Friday Review » Music

Updated: January 22, 2010 18:02 IST

Reign of melody

P.S. Krishnamurti
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Impeccable: Nirmala Rajasekar
Photo: V. Ganesan
The Hindu
Impeccable: Nirmala Rajasekar Photo: V. Ganesan

Imitation could be the best form of complimenting. When the listener gets wistful on listening to a performance, clearly he is deeply stirred. During the season there were occasions one felt this way. Nirmala Rajasekar’s veena recital was an instance. With the solid plucking they got the strings of her veena came clear and loud as she played Sahana with a rich hue in the varnam ‘Karuni’ in Adi talam. Chidambaram Balashankar gave excellent mridangam support and Balaji Chandran fine embellishment with his ghatam.

The Nattai song in Khanda Chapu was equally exuberant. Playing alternately on the bass and normal strings and sometimes together, Nirmala brought out the richness of Muthuswamy Dikshitar’s samushti-charana kriti in raga Malahari in Adi talam. The full potential of the veena was used for producing eminently pleasing aural effects to enrich the alapana in Bhairavi which was done in-depth, at places the veena even simulated the human voice.

30 minutes passed to make way for Syama Sastri’s well- known swarajati ‘Kamakshi’ which strode in at its majestic pace. ‘Brovobarama’ (Tyagaraja, Bahudari, Desadi) presented a dramatic relief from the heavy Bhairavi. Apart from rendering Papanasam Sivan’s ‘Ka Va Va’ (Varali, Adi) in a deeply devotional ethos, Nirmala used the passage in the song ‘Pazhanimalai Uraiyum Muruga’ once in chatusram at ‘arai’ and then in tisram at samam. The muthaippu devised between parts of the song by the mridangam and ghatam were tasteful. The thani avartanam was a thoroughly stimulating experience with Balashankar sending khandams flying round while Balaji Chandran took the gauntlet and reeled off volleys of his own.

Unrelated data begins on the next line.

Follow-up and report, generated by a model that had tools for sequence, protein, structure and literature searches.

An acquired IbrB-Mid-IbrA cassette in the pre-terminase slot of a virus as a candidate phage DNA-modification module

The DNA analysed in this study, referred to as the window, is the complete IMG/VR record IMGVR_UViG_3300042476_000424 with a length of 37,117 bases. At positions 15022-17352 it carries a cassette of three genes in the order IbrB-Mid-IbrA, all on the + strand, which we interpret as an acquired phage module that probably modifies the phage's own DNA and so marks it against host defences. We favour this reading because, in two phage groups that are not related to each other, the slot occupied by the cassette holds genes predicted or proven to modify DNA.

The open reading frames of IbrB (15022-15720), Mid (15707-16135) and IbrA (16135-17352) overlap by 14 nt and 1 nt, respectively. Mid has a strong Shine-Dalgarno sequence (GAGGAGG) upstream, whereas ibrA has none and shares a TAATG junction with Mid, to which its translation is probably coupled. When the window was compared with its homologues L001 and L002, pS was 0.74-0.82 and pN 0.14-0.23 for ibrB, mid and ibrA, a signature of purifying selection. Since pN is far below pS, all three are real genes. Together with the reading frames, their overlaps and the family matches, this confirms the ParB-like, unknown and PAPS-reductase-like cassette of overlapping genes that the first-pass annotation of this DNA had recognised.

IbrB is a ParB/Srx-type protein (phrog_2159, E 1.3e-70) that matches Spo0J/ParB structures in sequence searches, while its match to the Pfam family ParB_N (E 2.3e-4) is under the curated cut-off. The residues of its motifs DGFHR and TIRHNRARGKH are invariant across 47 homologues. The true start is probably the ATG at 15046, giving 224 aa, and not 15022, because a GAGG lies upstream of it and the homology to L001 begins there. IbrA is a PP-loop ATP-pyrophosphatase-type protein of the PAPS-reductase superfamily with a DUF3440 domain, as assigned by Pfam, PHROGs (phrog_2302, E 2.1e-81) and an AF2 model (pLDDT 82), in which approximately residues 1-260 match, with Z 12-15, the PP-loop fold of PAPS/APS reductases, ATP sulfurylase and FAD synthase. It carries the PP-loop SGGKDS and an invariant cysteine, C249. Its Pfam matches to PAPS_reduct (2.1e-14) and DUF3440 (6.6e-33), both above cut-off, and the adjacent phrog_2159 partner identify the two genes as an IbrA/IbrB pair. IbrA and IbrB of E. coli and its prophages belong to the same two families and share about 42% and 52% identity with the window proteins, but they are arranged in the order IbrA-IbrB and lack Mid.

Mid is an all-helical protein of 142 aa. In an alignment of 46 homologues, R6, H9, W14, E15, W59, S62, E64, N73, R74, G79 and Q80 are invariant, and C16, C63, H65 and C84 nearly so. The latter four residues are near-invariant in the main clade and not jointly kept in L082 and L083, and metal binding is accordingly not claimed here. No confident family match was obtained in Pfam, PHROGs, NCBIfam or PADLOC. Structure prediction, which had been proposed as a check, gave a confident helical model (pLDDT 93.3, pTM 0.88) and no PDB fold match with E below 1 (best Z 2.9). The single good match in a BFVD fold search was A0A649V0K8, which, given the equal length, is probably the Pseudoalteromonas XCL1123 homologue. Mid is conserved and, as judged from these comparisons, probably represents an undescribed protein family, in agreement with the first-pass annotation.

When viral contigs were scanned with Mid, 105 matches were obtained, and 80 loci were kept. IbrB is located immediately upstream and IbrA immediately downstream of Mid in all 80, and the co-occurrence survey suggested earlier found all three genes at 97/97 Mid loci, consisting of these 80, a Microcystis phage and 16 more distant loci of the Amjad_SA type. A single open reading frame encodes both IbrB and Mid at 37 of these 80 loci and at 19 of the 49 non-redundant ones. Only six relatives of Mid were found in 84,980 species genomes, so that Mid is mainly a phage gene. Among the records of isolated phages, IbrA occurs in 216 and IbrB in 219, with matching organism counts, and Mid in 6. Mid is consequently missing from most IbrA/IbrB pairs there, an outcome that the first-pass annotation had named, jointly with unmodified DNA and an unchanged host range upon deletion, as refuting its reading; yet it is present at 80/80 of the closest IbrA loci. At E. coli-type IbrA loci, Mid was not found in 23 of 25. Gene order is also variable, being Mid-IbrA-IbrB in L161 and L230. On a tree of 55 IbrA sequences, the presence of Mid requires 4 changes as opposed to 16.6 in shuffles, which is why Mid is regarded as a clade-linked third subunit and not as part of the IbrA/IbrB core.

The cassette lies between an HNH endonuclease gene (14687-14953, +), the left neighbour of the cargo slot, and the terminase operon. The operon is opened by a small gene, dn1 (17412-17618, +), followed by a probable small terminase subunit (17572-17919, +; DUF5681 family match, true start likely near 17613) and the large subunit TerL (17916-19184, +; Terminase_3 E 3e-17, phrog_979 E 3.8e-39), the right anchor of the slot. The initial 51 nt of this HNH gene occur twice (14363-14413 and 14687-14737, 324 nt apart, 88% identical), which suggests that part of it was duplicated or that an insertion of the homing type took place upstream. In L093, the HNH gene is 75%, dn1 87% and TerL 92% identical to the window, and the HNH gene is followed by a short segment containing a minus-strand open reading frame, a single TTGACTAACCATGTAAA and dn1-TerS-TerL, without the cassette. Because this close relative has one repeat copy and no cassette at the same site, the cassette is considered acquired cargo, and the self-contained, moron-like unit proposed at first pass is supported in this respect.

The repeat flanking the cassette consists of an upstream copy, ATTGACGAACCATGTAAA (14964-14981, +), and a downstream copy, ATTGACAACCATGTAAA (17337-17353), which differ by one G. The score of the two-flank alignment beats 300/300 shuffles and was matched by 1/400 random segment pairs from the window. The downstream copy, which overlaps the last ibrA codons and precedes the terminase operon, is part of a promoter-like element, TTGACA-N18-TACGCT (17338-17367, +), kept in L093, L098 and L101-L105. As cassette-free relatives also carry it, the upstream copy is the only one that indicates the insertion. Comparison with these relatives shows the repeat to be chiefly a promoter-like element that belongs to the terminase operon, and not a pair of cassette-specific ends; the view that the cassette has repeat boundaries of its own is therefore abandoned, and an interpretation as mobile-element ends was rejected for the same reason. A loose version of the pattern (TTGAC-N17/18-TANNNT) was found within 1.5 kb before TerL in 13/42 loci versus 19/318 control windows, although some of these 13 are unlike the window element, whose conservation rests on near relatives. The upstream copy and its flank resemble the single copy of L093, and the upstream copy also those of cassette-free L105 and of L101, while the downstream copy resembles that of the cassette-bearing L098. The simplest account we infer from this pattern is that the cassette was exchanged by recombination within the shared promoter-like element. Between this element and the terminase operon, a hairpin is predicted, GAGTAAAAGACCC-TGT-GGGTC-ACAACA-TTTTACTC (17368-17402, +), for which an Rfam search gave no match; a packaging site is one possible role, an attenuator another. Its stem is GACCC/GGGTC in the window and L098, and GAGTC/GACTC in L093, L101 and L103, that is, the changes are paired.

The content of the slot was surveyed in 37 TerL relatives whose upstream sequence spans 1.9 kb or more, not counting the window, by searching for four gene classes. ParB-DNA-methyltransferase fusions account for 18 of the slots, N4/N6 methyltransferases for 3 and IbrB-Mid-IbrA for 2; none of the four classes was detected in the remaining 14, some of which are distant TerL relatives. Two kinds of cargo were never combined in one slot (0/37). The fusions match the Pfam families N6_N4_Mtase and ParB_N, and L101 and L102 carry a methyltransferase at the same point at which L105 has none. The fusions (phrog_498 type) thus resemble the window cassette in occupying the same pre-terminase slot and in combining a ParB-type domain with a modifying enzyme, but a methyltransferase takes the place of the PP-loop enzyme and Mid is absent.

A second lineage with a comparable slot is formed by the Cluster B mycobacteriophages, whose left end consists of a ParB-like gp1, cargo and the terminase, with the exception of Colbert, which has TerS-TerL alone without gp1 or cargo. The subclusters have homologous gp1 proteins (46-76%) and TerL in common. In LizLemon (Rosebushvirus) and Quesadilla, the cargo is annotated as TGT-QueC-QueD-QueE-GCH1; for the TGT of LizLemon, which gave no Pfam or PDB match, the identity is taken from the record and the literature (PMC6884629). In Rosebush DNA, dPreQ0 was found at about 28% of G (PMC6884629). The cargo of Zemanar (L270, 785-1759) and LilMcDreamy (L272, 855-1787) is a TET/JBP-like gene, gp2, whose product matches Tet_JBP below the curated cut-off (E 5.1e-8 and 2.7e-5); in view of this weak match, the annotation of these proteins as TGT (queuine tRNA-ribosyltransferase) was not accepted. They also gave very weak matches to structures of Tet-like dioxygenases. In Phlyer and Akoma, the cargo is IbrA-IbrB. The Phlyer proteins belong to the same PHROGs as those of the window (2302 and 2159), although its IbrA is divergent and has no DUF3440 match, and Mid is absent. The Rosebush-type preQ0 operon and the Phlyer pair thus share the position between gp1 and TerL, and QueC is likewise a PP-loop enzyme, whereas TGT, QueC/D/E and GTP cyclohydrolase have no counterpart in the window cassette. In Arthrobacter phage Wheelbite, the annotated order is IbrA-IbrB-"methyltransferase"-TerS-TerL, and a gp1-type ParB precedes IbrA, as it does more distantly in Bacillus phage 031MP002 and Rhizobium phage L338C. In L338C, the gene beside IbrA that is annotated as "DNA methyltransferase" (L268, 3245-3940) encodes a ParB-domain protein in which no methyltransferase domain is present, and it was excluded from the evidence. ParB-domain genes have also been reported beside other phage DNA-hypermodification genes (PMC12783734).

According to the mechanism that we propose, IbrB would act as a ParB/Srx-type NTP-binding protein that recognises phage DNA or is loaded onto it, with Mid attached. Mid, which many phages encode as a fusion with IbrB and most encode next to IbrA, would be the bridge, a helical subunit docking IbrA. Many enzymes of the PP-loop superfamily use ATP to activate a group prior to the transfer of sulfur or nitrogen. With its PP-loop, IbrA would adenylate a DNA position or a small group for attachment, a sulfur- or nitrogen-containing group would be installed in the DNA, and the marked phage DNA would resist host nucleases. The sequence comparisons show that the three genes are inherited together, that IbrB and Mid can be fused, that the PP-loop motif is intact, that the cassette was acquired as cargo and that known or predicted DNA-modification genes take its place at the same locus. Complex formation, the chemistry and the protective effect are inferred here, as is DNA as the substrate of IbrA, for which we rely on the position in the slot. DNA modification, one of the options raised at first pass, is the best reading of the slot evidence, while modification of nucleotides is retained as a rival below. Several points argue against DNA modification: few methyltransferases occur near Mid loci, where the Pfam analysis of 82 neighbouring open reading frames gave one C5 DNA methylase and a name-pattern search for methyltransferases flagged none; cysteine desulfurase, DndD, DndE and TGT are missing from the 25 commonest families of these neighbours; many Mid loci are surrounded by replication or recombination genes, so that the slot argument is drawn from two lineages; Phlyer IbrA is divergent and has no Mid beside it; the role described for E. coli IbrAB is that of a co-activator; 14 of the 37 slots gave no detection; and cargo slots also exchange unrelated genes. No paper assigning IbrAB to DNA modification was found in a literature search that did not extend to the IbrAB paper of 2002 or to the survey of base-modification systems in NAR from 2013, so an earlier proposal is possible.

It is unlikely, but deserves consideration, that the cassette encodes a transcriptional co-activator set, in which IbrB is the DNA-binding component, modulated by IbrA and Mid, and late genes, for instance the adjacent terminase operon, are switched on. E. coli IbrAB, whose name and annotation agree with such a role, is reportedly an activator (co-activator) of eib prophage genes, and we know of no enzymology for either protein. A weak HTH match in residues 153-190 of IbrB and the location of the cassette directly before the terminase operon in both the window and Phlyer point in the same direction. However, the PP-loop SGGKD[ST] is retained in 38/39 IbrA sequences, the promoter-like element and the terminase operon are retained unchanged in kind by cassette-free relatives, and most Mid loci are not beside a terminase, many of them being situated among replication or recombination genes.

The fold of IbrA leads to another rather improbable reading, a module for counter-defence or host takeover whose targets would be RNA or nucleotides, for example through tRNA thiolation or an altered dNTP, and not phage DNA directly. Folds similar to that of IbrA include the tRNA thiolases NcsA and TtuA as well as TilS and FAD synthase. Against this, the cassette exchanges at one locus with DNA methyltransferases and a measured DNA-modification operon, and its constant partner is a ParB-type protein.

The RTP was centred on the serious Sankarabharanam. One had the feeling that the thanam could have been more majestic, with a generous sprinkling of jhankara’s and playing on the bass strings, possibilities that the veena offers. However, in Nirmala’s playing melody reigned supreme sans flourishes and frills. The pallavi was set in a double-beat Khanda Jati Triputa, with the first syllable of the sahityam ‘Samaanamaa, Sabhaapate…,’ Sadasiva, sakala deivamum unakku sari-’ at ’arai-idam’ through trikalam and tisram.

The thani for this was beautifully trimmed to the pace of an ocean liner sailing in placid waters. Ragas Kiravani and Thodi were figured in the kalpanaswaras. Tuning to madhyama sruti, Nirmala played ‘Jagadodharana’ and concluded the recital with Ramanathapuram Srinivasa Iyer ’s tillana in raga Paras and Tiruppavai in Surutti.

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